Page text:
Counting for something

Marilyn Waring’s journey beyond economics.

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Marilyn Waring’s eyes betray her amusement as she hands across the single sheet of paper. It is an invitation from the vice chancellor of Glasgow Caledonian University to accept an honorary degree—a Doctor of Letters—for her “outstanding international contribution towards the understanding of feminism and female human rights”.

“Note that it is not for political science or political economy. They didn’t hide there,” says the veteran environmentalist and social justice activist.

The distinction is important. Since first coming to public notice in 1975 when, as a 26-year-old tyro parliamentarian in her second term, she was appointed to chair the powerful public expenditure committee, Waring has been a relentless rocker of ideo­logical boats; her principal tool is what she calls “the art of the dumb question”.

At the outset, attempting to untangle the tortuous logic of classical economics, Waring made what for her was an extraordi­nary discovery: national income accounting didn’t have a debit side. GDP figures—an accepted yardstick of the economic health of a country—bore no relationship to the wellbeing of a community. They had nothing to say, for example, about the adequacy of primary health care, the distribution of poverty or the extent of environmental degradation.

She found it hard to believe that what she calls “these enormous pathologies” were a fundamental part of an international economic system. To underscore how bizarre the world view of orthodox economics was, she was the first person to present the now celebrated example of the Exxon Valdez. The supertanker ran aground in Alaska in 1989, releasing an oil spill that eventually covered 28,000 sq km. Waring argued that the environmental catastrophe created an economic windfall through insurance claims, legal proceedings, compensation payments, clean up and monitoring costs that turned it into “the most productive oil tanker voyage in history”.

How, she then wondered, did a system in which goods and activities were defined only by their monetary value deal with sticky issues such as unpaid work? With a single-minded­ness that has unnerved many an opponent, Waring spent four months at the United Nations Library in New York, sifting through the world’s most complete archive of material relating to the system of national accounting. The short answer: unpaid work fell through the cracks, as did the environment, unless we were milling, mining or pillaging it.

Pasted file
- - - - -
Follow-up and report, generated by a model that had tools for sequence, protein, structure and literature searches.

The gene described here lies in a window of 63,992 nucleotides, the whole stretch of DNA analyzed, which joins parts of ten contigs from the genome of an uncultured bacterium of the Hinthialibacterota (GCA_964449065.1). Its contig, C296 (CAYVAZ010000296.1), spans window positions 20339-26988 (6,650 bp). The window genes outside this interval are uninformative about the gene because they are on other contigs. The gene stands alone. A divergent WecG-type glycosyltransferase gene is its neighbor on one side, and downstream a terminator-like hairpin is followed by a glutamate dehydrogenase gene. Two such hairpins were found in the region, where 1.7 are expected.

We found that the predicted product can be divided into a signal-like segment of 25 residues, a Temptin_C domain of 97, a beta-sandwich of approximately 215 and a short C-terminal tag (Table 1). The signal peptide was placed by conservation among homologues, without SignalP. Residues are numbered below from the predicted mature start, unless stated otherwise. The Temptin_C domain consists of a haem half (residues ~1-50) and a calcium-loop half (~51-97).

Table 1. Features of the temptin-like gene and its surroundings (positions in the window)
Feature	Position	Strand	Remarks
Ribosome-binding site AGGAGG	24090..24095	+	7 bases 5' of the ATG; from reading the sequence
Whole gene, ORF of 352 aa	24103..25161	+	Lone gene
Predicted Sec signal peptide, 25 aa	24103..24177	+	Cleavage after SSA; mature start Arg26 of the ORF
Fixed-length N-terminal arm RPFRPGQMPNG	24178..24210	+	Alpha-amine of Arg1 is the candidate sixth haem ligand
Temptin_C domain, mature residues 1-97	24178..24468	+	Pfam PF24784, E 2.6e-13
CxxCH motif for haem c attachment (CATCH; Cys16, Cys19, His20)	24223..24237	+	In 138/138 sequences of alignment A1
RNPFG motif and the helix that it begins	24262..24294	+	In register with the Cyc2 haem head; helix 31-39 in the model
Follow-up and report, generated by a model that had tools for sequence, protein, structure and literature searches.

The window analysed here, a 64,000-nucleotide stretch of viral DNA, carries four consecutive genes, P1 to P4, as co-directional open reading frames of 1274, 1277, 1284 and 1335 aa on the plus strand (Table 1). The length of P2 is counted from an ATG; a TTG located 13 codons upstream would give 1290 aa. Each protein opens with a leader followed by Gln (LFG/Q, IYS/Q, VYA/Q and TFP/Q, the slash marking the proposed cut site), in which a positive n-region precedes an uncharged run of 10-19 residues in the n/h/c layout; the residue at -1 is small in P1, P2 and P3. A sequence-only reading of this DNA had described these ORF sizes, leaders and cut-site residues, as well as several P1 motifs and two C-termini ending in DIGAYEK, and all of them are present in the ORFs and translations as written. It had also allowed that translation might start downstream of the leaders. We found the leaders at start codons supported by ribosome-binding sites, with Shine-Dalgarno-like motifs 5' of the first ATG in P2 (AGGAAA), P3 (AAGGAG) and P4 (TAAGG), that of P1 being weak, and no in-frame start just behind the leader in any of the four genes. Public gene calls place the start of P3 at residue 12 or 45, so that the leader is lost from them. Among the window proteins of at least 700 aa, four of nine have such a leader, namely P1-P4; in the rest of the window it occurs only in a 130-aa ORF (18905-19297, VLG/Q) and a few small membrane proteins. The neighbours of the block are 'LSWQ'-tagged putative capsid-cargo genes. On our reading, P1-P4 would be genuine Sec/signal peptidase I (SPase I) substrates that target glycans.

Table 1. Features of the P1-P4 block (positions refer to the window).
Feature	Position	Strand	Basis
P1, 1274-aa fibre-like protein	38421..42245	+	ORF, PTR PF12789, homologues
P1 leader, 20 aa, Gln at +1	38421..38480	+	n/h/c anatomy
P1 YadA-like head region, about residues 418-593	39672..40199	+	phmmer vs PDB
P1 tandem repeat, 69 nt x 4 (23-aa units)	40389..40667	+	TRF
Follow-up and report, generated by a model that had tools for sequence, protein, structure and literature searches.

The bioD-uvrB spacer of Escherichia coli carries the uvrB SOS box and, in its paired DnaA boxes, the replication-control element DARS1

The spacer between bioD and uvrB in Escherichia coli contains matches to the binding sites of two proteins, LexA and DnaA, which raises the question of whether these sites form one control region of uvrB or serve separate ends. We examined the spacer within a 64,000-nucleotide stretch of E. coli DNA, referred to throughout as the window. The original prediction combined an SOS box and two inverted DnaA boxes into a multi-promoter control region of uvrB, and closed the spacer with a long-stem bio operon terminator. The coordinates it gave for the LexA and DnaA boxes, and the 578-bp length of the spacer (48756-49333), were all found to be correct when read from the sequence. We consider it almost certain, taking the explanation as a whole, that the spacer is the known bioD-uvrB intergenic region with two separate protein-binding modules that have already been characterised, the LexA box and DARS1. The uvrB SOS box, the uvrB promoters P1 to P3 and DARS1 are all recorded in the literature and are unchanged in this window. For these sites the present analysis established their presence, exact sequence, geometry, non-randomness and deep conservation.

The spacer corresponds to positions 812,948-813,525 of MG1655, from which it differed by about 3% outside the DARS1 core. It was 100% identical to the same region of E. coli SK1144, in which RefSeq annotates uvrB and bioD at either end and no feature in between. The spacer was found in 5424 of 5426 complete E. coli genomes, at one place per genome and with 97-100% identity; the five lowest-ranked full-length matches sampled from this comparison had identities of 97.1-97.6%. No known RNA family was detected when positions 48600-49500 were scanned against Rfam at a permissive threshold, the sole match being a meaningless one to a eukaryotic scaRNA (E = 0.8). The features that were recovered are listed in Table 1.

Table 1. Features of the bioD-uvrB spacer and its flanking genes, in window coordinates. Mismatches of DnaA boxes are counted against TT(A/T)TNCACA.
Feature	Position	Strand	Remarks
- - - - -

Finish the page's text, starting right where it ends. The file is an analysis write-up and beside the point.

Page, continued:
Waring’s unrelenting toil has resulted in a steady flow of books on equality, femi­nist economics and human rights, among them Women, Politics and Power (1985), Counting for Nothing: What Men Value and What Women are Worth (1999) and 1 Way 2 c the World: Writings 1984–2006—the very titles resonating as calls to action. Her heretical ideas gained traction following the 1995 National Film Board of Canada video documentary on her work: Who’s Counting: Marilyn Waring on Sex, Lies and Global Economics.

For the past five years Waring has worked as a professor of public policy at AUT Univer­sity. It would be wrong, however, to dismiss her as a maverick politician (responsible for toppling the Muldoon Government) turned bookish don. For one thing, unlike many of the ideologues ranged against her, she spends time in the trenches of the Third World.

“I’ve walked those streets, I’ve smelled those smells, I’ve had those parasites,” she says.

In 2007, she was one of 16 prominent intellectuals invited to contribute to the French book Rebel Voices of the World.

“From where I stand, when I look North, I see the Pacific Ocean covering one third of the earth’s surface, with a small population of less than 10 million people,” Waring wrote.

She went on to reprise the sorry tale of nuclear testing, Fijian coups, the anguish of East Timor, the under-reported occurrence of HIV/AIDS. Then there was the status of women in the Pacific which, even now, she describes as “pretty grim”. Endemic inter-generational violence, the effects of climate change, increasing poverty, representation in national legislatures that is worse than for women in the Gulf states. Corruption…

“The Asian Development Bank would interpret an increase in the number of fales with iron roofs as a sign of economic progress, but I can promise you that it is an indication of recent elections.”

The latest project, surprisingly, is a “hugely entertaining” parliamentary autobiography. Surprising, because Waring has expressed impatience at being fixed in that remote political past, like an insect in amber, by a public largely out of touch with the territory she has traversed since.

“It is an important piece of New Zealand history,” she offers. “I’ve been told by the archivist who holds 42 cartons of my files that it is the best record of the women’s move­ment in New Zealand of any decade held anywhere. I’m ready to do it now.”

It doesn’t hurt, says Waring, that she is able to call on the research skills of a PhD student to comb through the parliamentary debates, or that the student happens to be activist and former Green MP Sue Bradford.

How must it feel, though, to have such a stellar reputation internationally, while being so little known in the land of your birth?

“Aotearoa reminds me of who I am and what my values are. The vegetation of Taupiri, the black sands of Raglan, the waves at Waihi. Overwhelmingly, I don’t feel I can live in another environment.

“And when I come back, I get a lot done,” she says with a broad grin. “If New Zealanders were interrupting me all the time, when would I get a chance to think?”

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